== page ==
Dell Compellent Bug Leaves VMWare Environments Vulnerable to Attacks

August 10, 2023

Dell Compellent, a storage array service, has a significant vulnerability due to hardcoded credentials that could allow attackers to seize control of enterprise VMware environments. Although Dell Compellent was discontinued in 2019 and currently accounts for less than 1% of the data storage market according to Enlyft, organizations that still use it in combination with VMware environments should be aware of this high-impact vulnerability, designated as CVE-2023-39250.

Tom Pohl, a penetration testing team manager at LMG Security, will demonstrate at DEF CON 31 how an attacker within an enterprise network can identify and decode a private key associated with VMware's centralized management utility through Dell Compellent, thereby enabling a full takeover of a VMware environment. Furthermore, because the key is identical for every Dell customer, a breach at one organization could easily lead to a breach at any other. Pohl stated, 'This is just a real concrete example of how a private key in software can lead to complete network compromise of your organization.'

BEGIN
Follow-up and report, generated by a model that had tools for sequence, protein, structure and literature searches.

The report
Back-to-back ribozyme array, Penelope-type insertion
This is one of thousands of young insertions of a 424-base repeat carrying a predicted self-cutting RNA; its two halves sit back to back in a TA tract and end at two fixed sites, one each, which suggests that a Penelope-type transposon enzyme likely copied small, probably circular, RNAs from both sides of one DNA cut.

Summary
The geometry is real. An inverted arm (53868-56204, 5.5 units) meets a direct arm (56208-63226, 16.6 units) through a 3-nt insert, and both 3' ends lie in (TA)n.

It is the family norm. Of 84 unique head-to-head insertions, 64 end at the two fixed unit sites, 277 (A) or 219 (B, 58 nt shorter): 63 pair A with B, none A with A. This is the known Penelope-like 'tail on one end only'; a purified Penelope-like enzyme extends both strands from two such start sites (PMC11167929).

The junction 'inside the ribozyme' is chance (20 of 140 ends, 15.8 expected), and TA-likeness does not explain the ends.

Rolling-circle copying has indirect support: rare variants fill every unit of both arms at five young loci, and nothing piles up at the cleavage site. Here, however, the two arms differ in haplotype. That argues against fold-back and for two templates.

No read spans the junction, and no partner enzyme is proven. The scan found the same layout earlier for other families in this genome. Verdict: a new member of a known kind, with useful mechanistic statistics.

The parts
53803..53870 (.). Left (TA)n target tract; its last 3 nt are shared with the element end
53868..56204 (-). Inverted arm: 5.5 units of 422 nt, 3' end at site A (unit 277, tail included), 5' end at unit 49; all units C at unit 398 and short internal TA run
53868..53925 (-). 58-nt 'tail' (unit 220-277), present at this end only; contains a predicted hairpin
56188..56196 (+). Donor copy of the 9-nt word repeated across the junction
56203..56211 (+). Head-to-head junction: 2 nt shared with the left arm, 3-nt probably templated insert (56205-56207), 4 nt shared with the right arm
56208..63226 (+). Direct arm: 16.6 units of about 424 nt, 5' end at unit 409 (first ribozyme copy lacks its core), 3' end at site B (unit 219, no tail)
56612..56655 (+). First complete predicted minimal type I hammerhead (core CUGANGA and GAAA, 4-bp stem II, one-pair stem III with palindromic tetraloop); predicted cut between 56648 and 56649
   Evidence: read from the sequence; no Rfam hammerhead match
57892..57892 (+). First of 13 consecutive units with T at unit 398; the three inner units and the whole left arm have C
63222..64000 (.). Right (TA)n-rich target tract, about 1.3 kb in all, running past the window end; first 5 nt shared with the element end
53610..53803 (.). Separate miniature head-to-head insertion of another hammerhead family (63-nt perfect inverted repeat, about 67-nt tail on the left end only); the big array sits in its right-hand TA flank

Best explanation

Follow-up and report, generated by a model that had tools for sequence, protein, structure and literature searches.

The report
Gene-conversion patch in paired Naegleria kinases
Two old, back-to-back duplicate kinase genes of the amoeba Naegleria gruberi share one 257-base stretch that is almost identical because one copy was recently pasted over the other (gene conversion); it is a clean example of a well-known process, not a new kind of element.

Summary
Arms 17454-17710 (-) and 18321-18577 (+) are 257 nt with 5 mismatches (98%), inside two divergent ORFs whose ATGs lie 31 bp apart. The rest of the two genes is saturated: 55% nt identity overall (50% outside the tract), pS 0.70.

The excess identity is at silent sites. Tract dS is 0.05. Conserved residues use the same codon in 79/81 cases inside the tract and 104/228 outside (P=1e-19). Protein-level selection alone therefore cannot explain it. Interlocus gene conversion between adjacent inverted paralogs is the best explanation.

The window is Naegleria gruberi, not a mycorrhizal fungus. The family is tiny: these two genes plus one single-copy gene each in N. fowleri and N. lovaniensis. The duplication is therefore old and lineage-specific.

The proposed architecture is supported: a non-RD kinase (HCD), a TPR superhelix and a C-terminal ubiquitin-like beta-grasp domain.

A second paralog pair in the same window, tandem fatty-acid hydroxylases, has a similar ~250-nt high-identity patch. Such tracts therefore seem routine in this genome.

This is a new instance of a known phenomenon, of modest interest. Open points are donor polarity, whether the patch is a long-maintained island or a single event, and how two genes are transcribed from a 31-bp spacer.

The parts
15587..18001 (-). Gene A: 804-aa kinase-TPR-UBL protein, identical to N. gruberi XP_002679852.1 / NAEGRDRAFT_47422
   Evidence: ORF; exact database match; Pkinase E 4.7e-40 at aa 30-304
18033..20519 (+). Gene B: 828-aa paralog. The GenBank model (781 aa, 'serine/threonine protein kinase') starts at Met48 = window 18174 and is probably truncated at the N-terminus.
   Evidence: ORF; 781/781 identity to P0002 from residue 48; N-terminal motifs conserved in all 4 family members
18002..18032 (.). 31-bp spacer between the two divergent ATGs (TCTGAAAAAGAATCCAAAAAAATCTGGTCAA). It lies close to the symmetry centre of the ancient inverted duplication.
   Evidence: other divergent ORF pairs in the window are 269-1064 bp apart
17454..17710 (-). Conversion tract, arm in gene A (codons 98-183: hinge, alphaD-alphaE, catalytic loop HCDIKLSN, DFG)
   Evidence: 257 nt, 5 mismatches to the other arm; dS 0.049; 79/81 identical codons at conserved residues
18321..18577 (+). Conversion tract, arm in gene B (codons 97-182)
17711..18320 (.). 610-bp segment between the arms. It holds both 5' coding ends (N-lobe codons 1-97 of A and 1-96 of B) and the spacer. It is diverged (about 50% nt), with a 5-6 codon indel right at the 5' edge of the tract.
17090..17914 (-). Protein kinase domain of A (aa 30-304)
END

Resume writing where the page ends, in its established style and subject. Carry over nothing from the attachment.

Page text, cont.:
When Dell integrates the two services, it requires administrator credentials for VMware vCenter, the platform used for managing VMware environments. However, the Dell software stores these credentials in its configuration files, a fact that Pohl stumbled upon while working with a client's network. He noticed a username and password in the device and, although the credentials were not stored in plain text, Pohl was able to decompile the Java class he suspected was responsible for decryption, quickly finding an AES static key stored in the source code. After a bit of reverse engineering, he was able to extract a clear text password. Using this username and password obtained from the Dell Compellent software, he was able to log into vCenter and take control of the entire environment.

Pohl emphasized in a press release, 'This key is the same for EVERY customer! If a criminal leverages this vulnerability, they could use it against any of Dell's customers.' Despite exceeding the 90-day responsible disclosure window, LMG Security anticipates Dell will only release a patch sometime in the fall. The delay might be attributed to the complexity of creating an adequate fix or possibly due to Compellent's end-of-life status. In the interim, Pohl advises organizations still using these systems to 'definitely harden their environments.' He also suggests segmenting the network to prevent malicious users from accessing critical infrastructure.

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